Monday, 6 October 2008

Brisbane Art: Jon Cattapan's Possible Histories: Valley Nights exhibition

John Cattapan at Opening night of Jon Cattapan's Possible Histories Valley Nights exhibition 081003-15

On Friday night I went to the opening of the free Possible Histories: Valley Nights exhibition of Jon Cattapan's work. It's on at the Dell Gallery at the Queensland College of Art until Sunday November 16th - see below for a Google Map.

This video of the opening speeches by Doug Hall and Jon Cattapan also pans over the signature work, Valley Nights, a huge, 4-panel work that is almost seven metres wide and almost two metres high:

The notes on Cattapan's art by exhibition curator Simon Wright talk about how Cattapan has been coming to Brisbane for the last twenty years, which means he has seen Brisbane change from a backward-looking, inwards-looking provincial city into an "Australian metropolis". Wright says that this sort of change is an important part of Cattapan's work.

Another important thing about Cattapan's work is that it is not very clear exactly what stories (if any) he is trying to tell. There are human figures in his work, but they it's often hard to make out exactly what they are doing. This means that when you look at his work, you have to make up your own mind about what's going on.

Opening night of Jon Cattapan's Possible Histories Valley Nights exhibition 081003-17

It's a small exhibition: just four walls of the smallish Dell Gallery. On one wall is the huge "Valley Nights" work. As you can see from the video, it's all about Fortitude Valley. The Story Bridge dominates the centre of the painting, streching over a river. But very little else is clear. There are small-ish sketches of the McWhirters building and the gasomter at Newstead, but apart from that the "Valley Nights" is not true to physical reality. You can't move from one landmark to another as if it was a map, and the streets aren't laid out like they really are in Brisbane. I guess this is another part of asking you to work out your own story when you look at it.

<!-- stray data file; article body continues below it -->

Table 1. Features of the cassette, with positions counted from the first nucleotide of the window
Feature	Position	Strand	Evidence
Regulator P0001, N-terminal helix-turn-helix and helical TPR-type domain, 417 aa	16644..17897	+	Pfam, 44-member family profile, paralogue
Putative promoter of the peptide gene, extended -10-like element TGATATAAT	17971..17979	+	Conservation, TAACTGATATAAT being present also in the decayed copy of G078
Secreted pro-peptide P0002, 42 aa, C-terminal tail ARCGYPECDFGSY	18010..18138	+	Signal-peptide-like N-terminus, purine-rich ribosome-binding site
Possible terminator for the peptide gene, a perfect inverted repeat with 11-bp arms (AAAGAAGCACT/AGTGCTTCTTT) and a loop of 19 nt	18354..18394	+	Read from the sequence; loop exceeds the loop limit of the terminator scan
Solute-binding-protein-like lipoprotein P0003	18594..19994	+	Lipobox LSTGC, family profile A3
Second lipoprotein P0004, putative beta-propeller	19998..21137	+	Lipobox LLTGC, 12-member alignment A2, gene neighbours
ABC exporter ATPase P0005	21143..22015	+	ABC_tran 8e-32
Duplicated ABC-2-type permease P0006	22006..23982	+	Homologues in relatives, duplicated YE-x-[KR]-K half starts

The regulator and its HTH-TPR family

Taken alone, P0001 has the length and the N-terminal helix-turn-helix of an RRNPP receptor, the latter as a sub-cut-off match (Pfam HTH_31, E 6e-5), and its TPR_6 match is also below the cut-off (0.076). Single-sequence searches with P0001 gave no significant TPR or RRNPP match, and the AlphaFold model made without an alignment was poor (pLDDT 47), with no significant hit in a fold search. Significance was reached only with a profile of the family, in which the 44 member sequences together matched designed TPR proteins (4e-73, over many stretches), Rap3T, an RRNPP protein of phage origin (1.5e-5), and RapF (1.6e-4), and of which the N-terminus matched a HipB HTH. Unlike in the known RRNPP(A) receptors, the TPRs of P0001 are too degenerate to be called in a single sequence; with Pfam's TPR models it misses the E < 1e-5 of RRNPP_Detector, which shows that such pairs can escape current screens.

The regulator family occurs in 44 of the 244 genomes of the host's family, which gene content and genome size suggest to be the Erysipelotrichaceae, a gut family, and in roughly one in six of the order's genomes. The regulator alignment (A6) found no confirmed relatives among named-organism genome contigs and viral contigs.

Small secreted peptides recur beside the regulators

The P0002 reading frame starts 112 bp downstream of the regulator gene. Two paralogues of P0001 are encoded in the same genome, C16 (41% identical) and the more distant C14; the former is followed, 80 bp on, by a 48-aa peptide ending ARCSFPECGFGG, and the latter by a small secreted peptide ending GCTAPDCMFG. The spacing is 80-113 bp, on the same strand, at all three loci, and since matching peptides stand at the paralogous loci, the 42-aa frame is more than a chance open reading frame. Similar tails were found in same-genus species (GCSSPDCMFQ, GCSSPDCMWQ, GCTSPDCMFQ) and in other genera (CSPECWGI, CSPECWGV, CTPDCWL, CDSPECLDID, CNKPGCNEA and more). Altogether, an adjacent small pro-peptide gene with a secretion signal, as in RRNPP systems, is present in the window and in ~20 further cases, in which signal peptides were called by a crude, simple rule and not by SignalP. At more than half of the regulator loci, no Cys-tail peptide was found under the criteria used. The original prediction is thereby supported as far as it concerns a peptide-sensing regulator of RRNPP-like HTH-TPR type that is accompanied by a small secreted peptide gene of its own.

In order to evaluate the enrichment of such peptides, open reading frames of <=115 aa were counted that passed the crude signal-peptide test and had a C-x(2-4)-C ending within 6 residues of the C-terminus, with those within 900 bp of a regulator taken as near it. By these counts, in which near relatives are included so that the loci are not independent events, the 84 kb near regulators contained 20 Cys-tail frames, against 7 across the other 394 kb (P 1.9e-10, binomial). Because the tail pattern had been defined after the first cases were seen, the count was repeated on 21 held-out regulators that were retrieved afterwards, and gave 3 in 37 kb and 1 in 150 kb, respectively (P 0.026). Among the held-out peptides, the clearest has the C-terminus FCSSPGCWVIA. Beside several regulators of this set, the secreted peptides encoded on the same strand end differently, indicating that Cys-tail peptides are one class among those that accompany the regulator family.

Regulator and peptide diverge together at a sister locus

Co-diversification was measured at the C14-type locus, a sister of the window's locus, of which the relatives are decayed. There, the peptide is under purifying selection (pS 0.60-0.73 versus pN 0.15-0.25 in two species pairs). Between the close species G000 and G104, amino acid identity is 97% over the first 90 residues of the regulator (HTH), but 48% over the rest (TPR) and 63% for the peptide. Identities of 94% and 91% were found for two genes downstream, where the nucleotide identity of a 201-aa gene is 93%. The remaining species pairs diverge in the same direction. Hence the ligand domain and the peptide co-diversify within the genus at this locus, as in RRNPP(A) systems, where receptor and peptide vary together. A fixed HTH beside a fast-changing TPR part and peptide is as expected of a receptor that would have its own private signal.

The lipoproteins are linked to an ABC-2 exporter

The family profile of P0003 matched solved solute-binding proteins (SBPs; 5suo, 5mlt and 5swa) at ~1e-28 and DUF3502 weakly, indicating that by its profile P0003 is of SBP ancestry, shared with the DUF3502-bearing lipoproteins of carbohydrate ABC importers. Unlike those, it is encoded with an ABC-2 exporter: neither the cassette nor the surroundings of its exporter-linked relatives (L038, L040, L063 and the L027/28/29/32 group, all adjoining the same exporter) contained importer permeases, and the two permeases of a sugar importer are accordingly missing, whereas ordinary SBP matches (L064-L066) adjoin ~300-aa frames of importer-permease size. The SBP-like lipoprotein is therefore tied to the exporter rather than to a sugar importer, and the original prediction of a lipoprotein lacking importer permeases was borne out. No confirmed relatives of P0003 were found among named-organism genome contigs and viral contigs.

Most of "Valley Nights" is dominated by blue night with long rows of street lights, or red, green, orange and yellow light, like the bright colours of street lamps and traffic lights. There are a couple of sketches of people gathered together doing stuff, but it's not very clear exactly what.

Opening night of Jon Cattapan's Possible Histories Valley Nights exhibition 081003-1

"Valley Nights" is something you should go and sit in front of for at least ten or twenty minutes - just soak it up.

When you've finished looking at "Valley Nights", turn to your right and you'll see twenty works that make up the "In Valley" series. Once again these are pictures of groups of people, but it's really not clear what they are doing. Some of them might be getting hassled by the cops, and some of them look like they could be having car trouble. The people are drawn in blue pencil, and there are splotches and dashes of bright orange paint over these paintings as well.

Opening night of Jon Cattapan's Possible Histories Valley Nights exhibition 081003-23

Behind you (as you look at "Valley Nights" are dozens of smaller artworks making up "The City Submerged #23: the lie of the valley". Some of these are reworked photographs, many are brightly-coloured ovals. And to your left are five untitled works making up "Valley Study 1-5", which look like photographs that have been silk-screened with oil and acrylic paint. As with all the other work, nothing is clear but an impression.

There's a long article by Suzanna Clarke about Jon Cattapan on the Courier-Mail website - it's worth a read if you want to know more about Cattapan's work and what else he's done.

Opening night of Jon Cattapan's Possible Histories Valley Nights exhibition 081003-9

"Possible Histories", which is a book by Chris McAuliffe about Cattapan's work from the 1970's onwards, is on sale at the exhibition. You can also buy it here from Melbourne University Press, and you can read it at the University of Queensland Library, the Queensland State Library, or the Brisbane City Council Library. If you need to look the book up at other libraries, use this list from Wikipedia.

The photos in this article are shots of people at the opening. If you'd like to see the full set of 30 photos, click here.

If you're interested in buying any of Cattapan's work, the Milani Gallery handles all enquiries.

The Dell Gallery at the Queensland College of Art is open from Wednesday to Sunday each week. On weekdays it opens from 11am-4pm, and on weekends from 12 midday till 4pm. This Google Map shows you where to go: the gallery is about two minutes walk from Southbank train station or about five minutes walk from the Southbank bus station:

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